Low borrowing costs have been a silver lining for big U.S. companies during the pandemic, providing far corners of the business world a lifeline when it was needed most.
But as Federal Reserve officials debate how quickly to reduce extremely accommodating monetary policy measures as the U.S. economy roars back from the depths of the COVID crisis, corporate debt markets in 2022 could be in for bumps in the road.
“Typically, when the Fed is easing, things are really hunky-dory and credit does well,” said Michael Collins, senior portfolio manager at PGIM Fixed Income, in a phone interview.
Fixed-income returns in 2021 have been low, but so has volatility in corporate bond spreads for the most part, helping keep credit ample and flowing to American corporations.
The spread, or premium, investors earn on U.S. investment-grade corporate bonds
rose to near 101 basis points above risk-free Treasurys
on Black Friday as worries mounted about the omicron variant of COVID-19. While still historically low, that was the highest level since March for the sector, according to CreditSights, while high-yield bond
spreads rose by almost 40 basis points, pegged as the largest such move of the year.
But when the Fed starts reducing its support in the coming months by trimming its monthly bond purchases, and later by raising interest rates, Collins expects to see a tougher environment for risk assets like corporate bonds.
“The probability of a risk-off event is higher with public and private debt being higher,” Collins said, pointing to increased borrowing by the U.S. government and big companies.
To that end, PGIM Fixed Income has been lightening up on longer-dated corporate bonds and keeping some dry powder coming into 2022, to potentially add exposure at wider spreads levels in a selloff scenario.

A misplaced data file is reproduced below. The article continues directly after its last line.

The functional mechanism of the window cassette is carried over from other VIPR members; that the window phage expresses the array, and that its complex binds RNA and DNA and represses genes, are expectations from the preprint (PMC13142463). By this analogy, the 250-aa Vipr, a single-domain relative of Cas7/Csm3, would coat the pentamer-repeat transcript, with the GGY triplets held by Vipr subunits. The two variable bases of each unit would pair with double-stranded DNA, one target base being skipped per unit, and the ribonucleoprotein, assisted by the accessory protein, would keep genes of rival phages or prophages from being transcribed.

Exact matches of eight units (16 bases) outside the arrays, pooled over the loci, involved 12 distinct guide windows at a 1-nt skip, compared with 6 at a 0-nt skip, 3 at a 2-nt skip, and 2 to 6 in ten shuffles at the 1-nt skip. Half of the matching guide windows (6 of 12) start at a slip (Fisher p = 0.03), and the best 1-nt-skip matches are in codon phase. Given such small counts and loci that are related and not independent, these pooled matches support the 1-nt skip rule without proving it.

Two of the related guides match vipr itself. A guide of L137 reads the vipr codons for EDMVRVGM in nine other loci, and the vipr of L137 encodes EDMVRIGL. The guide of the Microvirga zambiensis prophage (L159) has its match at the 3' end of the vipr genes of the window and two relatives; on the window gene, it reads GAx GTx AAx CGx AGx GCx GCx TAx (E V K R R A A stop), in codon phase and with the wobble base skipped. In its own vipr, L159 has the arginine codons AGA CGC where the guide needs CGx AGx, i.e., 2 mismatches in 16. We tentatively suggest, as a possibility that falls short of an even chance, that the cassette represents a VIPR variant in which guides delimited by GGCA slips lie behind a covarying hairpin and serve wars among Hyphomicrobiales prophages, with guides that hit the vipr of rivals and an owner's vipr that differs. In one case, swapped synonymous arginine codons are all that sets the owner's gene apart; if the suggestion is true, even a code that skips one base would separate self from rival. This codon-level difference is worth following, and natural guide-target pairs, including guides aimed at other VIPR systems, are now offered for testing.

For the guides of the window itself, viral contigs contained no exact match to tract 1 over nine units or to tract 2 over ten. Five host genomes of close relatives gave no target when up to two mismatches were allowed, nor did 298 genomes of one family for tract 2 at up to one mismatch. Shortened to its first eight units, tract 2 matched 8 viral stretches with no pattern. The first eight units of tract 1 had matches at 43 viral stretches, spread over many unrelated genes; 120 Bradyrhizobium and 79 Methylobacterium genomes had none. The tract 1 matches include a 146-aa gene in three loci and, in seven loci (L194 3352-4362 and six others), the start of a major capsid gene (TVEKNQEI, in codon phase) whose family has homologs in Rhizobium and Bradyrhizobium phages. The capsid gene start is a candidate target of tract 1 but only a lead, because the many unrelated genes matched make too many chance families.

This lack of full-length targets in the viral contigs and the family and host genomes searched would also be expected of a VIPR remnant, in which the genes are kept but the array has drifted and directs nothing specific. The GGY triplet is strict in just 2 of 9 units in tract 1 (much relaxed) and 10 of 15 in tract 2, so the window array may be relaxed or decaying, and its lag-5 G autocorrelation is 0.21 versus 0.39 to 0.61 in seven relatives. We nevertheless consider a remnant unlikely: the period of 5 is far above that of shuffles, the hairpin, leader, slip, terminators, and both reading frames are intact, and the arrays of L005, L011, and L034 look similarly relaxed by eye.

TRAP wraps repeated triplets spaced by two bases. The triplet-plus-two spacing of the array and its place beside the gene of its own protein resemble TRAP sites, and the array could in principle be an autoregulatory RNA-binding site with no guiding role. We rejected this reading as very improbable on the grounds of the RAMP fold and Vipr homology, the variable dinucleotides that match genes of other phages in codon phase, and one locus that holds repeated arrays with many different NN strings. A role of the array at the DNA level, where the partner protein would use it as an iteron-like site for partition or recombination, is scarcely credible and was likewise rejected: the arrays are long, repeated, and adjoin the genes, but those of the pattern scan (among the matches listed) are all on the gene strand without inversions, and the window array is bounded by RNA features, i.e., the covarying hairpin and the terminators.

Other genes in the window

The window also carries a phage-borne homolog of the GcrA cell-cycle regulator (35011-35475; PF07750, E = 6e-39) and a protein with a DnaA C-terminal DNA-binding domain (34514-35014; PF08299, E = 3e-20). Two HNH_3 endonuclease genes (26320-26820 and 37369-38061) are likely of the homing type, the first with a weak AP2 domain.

Like homeowners, many U.S. companies used low pandemic rates to borrow cheaply or to refinance more expensive debt. Despite the explosion of corporate debt in the past decade to more than $10 trillion, strong corporate earnings in recent quarters have helped improve the credit profile of many corporations (see chart).
The chart also shows the decreasing distressed level at corporations by more than 40% so far in 2021, with defaults in the riskiest high-yield, or “junk bond,”
category recently heading to historic lows.
“Leverage is down, because Ebitda is up, but debt levels are high,” Collins said, speaking to the popular metric of corporate financial health, or earnings before interest, taxes, depreciation and amortization. “It gets really expensive to service that debt at higher interest rates,” he said. “I think that’s something markets will struggle with in the next 12 to 24 months.”
The post-Thanksgiving selloff and recovery serves as a reminder that uncertainty about the pandemic’s trajectory remains a threat to public health and markets after nearly two years. Fed Chairman Jerome Powell, nominated for a second, four-year team, frequently has said the pace of the U.S. recovery and the central bank’s response will hinge on the virus.
Many strategists have been penciling in tighter financial conditions in the year ahead, but also continued global economic expansion. Oxford Economics has a 4.5% forecast for global GDP growth in the coming year, but also a downside scenario of 2.3% growth if the omicron variant causes “serious side effects,” including reduced vaccine effectiveness.
Kathy Jones, chief fixed income strategist at Charles Schwab, noted that policy rates already had “begun to rise in major emerging market countries in response to rising inflation and steep currency declines,” in her fixed income outlook.
Beyond the omicron-sparked selloff, high U.S. inflation levels and supply-chain bottlenecks remain key concerns among investors, but also the eventual rise of U.S. policy rates from the current 0% to 0.25% range.
“There’s always something you can’t see,” said Greg Staples, head of fixed income, Americas, at DWS Group, in a phone interview.
But even with an uncertain backdrop for 2022, Staples said DWS remains constructive on U.S. corporate credit. “In high yield, the fundamentals are really strong, with defaults around the 2% level, and could go below 1%, which is amazingly low,” he said.
Specifically, energy companies have been benefiting form higher oil prices, with U.S. benchmark West Texas Intermediate crude futures
near $70 a barrel, or up 46% on the year through late November.
“That’s always the weak sister of the high-yield market,” Staples said, adding that while energy still makes up a big portion of the U.S. high-yield bond market, many companies used the “open window” of easy funding during the pandemic to reduce coupons and extend maturities.
“It isn’t going to be a blowout year ahead, but there will be positive returns to be had,” he said.